Syrian agreement postpones U.S. aggressive war

Sept. 16 — While U.S. warships continued to sail in the Eastern Mediterranean to keep the Syrian people under threat, Russian-U.S. negotiations resulted in an agreement on Sept. 14 that the Syrian government, acting under United Nations supervision, would destroy whatever chemical weapons it possesses.

Secretary of State John Kerry, whose role seems to be that of “hard cop” in this crisis, has continued to threaten Syria with military action. Kerry insists that Syria must list all its chemical weapons within two weeks and destroy them all by mid-2014 — unreasonable demands — or else “there will be consequences.” (New York Times, Sept. 16)

Commentary in the corporate U.S. media and among U.S. politicians was mainly focused on evaluating how the negotiations affected the strategic interests of U.S. imperialism, with varied analyses.

Most U.S. commentaries attacked Russian President Vladimir Putin for taking a leading role in the negotiations. Some praised President Barack Obama for cleverly finessing a difficult situation and succeeding in disarming Syria. Others attacked him for weakly submitting to Putin and “betraying” the opposition forces in Syria.

After a meeting with Kerry, Israeli Premier Benyamin Netanyahu spoke positively about the accord.

These commentaries have nothing to do with the interests of the working class in the U.S. or worldwide. They only involve evaluating the interests and tactics of U.S. imperialism and its clients in the Middle East.

No U.S. worker, employed or unemployed, no oppressed person and only a very few rich people in the U.S. have anything to gain from U.S. involvement in a war with Syria. A war would be a loss to the great bulk of the population who want jobs, higher pay, better schools and health care and do not want any part in another slaughter.

Since, as Kerry has said, the attack is “still on the table,” the U.S. working class must continue to mobilize against such an attack in order to defend its interests as well as to show solidarity with the Syrian people.

According to the U.S.-Russian agreement, Syria must provide a “comprehensive listing” of all its chemical weapons within a week. That includes storage, production and research sites. The agreement also requires “immediate and unfettered” access to these sites by international inspectors.

Inspections are to be completed by November, as is the destruction of equipment for mixing and filling munitions with chemical agents. All chemical weapons are to be eliminated by mid-2014.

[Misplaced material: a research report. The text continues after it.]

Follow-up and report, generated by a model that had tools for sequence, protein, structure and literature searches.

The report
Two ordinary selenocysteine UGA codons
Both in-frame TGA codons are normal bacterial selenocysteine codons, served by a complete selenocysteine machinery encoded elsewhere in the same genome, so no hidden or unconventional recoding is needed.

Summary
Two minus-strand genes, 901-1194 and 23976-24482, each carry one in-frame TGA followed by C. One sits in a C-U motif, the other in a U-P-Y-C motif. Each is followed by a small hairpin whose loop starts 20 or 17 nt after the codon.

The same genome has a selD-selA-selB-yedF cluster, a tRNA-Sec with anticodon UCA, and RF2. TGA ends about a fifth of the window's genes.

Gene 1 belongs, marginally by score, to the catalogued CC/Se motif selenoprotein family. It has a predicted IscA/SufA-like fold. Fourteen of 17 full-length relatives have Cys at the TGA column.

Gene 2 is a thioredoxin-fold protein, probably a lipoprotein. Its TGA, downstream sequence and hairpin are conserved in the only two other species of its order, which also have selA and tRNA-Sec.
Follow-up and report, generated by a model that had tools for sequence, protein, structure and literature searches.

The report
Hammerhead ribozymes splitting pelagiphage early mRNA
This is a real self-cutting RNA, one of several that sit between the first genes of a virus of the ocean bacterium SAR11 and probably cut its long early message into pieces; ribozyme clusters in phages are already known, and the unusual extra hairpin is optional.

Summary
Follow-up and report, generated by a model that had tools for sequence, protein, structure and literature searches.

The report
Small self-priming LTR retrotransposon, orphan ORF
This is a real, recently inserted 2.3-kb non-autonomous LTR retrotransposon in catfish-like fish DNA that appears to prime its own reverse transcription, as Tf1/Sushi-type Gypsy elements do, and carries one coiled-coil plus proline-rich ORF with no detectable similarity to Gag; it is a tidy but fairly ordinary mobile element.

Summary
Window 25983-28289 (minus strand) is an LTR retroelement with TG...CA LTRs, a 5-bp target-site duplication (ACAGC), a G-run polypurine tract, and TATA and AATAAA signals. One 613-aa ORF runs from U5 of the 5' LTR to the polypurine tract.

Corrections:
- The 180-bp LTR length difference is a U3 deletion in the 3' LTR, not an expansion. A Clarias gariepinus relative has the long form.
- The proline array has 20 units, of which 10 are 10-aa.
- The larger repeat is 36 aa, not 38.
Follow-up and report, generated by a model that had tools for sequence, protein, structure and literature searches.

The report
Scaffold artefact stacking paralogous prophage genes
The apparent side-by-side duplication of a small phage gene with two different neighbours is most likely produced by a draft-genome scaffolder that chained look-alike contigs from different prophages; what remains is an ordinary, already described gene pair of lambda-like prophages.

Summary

This timetable is unrealistic. More than 15 years after the 1997 Chemical Weapons Convention went into effect, neither Russia nor the U.S. has eliminated all their weapons. The U.S. still has almost six times the chemical weapons Syria is supposed to have.

President Obama pulled back on Sept. 10 from his attempt to win support in Congress for the war when it became apparent the attempt would likely fail. For the first time at least in recent history, not only was the U.S. population solidly against the war, so was a majority of Congress.

So, too, were most U.S. troops. A “Military Times survey of more than 750 active-duty troops this week found service members oppose military action in Syria by a margin of about three-to-one.” (Navy Times, Sept. 12)

With as little support among its usual allies as among the U.S. population, Putin’s willingness to negotiate provided Obama a way out of the corner his “red line in the sand” had put him in. Only French imperialism was ready to join the military effort to win a foothold in its former colonial possession, and even the British Parliament voted against the war.

At the same time, the Syrian government said it was pleased that the vicious U.S. attack was at least postponed. The Russian government, which had also put naval vessels in the region, was obviously pleased to have arranged the agreement.

In an attempt to bolster the anti-Assad opposition, the U.S. openly delivered new weapons to the “rebels” after negotiations with Russia began. The fighting in Syria, which has taken about 110,000 lives, including some 45,000 government troops and militia fighters, will continue.

The U.S. and other NATO countries, including Turkey, as well as the Saudi Arabian and Gulf monarchies, will continue to feed weapons to the “rebels” who kill Syrians, as they have for the last two-and-a-half years.

U.N. inspectors say they found sarin

On Sept. 16, the U.N. special investigators released their report on Syria, saying that the nerve gas sarin was used on Aug. 21, based on lab reports on victims’ blood. The U.N. had no comment on which side actually employed the sarin.

The Russian and Syrian governments both accuse elements among the opposition to Syrian President Bashar al-Assad of using the chemical weapons. They and many other observers say it would have been stupid and suicidal for the government to use such weapons when U.N. inspectors had just entered Damascus.

Despite the lack of evidence proving Syrian government crimes, U.S. officials and the corporate media repeat ad nauseam that “Assad used chemical weapons against his own people.” Nearly everyone in the U.S. commenting on the Syrian crisis also repeats this unproved “Big Lie.” They also repeat the U.S. administration’s charge that 1,400 people died on Aug. 21. Other British and French reports say that about 350 to 500 people died, a big discrepancy that also discredits the U.S. claim.

While the agreement has postponed drastic military action, it has neither removed the U.S. threat nor eliminated U.S. imperialism’s drive to find a more effective pretext for opening a new war.

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